Guo, Hui, Robert Savickas, Zijun Wang, and Jian Yang
Journal of Financial and Quantitative Analysis, Vol 44, Issue 1 , pp. 133-154
Recent authors argue that the value premium constructed from the cross-section of stocks is a proxy for investment opportunities. We show that this conjecture sheds light on the puzzling empirical risk-return tradeoff in the stock market across time. That is, in contrast with many early authors, we find that the stock market return is positively and significantly related to its conditional variance after controlling for its covariance with the value premium. The covariance, which is negatively correlated with stock variance, is positively and significantly priced as well.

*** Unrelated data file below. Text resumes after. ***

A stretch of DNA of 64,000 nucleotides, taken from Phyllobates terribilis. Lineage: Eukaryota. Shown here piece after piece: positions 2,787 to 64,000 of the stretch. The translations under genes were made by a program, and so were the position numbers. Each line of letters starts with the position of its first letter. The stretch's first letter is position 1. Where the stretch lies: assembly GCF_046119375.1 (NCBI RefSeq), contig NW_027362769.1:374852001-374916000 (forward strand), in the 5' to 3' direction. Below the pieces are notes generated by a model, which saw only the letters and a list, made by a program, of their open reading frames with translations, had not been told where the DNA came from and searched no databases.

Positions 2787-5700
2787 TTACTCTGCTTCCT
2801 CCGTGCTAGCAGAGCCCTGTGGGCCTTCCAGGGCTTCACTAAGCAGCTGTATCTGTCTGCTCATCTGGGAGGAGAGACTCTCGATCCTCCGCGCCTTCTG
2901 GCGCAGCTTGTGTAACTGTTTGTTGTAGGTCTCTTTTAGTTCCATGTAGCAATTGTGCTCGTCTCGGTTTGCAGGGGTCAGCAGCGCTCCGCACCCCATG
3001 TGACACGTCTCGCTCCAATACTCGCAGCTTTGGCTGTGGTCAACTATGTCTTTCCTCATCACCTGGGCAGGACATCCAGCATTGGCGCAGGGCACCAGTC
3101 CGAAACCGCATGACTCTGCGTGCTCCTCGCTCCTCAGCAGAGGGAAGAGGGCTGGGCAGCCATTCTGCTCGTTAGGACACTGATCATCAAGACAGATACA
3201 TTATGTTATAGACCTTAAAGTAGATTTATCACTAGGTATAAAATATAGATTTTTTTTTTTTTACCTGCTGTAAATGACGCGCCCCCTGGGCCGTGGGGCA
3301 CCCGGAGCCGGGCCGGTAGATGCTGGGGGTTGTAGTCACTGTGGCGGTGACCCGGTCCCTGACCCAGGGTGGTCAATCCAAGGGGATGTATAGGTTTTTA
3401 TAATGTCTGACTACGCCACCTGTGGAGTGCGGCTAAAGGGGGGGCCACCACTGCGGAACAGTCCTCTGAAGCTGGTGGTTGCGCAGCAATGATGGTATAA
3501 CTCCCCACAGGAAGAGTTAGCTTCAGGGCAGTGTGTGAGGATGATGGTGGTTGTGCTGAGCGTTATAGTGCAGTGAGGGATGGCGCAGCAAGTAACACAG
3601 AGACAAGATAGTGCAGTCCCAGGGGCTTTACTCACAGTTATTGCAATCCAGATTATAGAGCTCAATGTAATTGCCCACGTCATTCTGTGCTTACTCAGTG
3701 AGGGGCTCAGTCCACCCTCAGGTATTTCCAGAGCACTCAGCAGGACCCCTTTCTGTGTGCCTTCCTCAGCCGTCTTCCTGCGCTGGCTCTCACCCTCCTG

Therefore, by ignoring the effect of time-varying investment opportunities on the stock market return, the early specification might suffer from an omitted variables problem, which generates a downward bias in the estimate of the risk-return relation. Also, consistent with recent investment-based equilibrium models, we document a positive and significant relation between the value premium and its conditional variance over the post-1963 period. Overall, our empirical evidence suggests that the value premium might be a proxy for investment opportunities.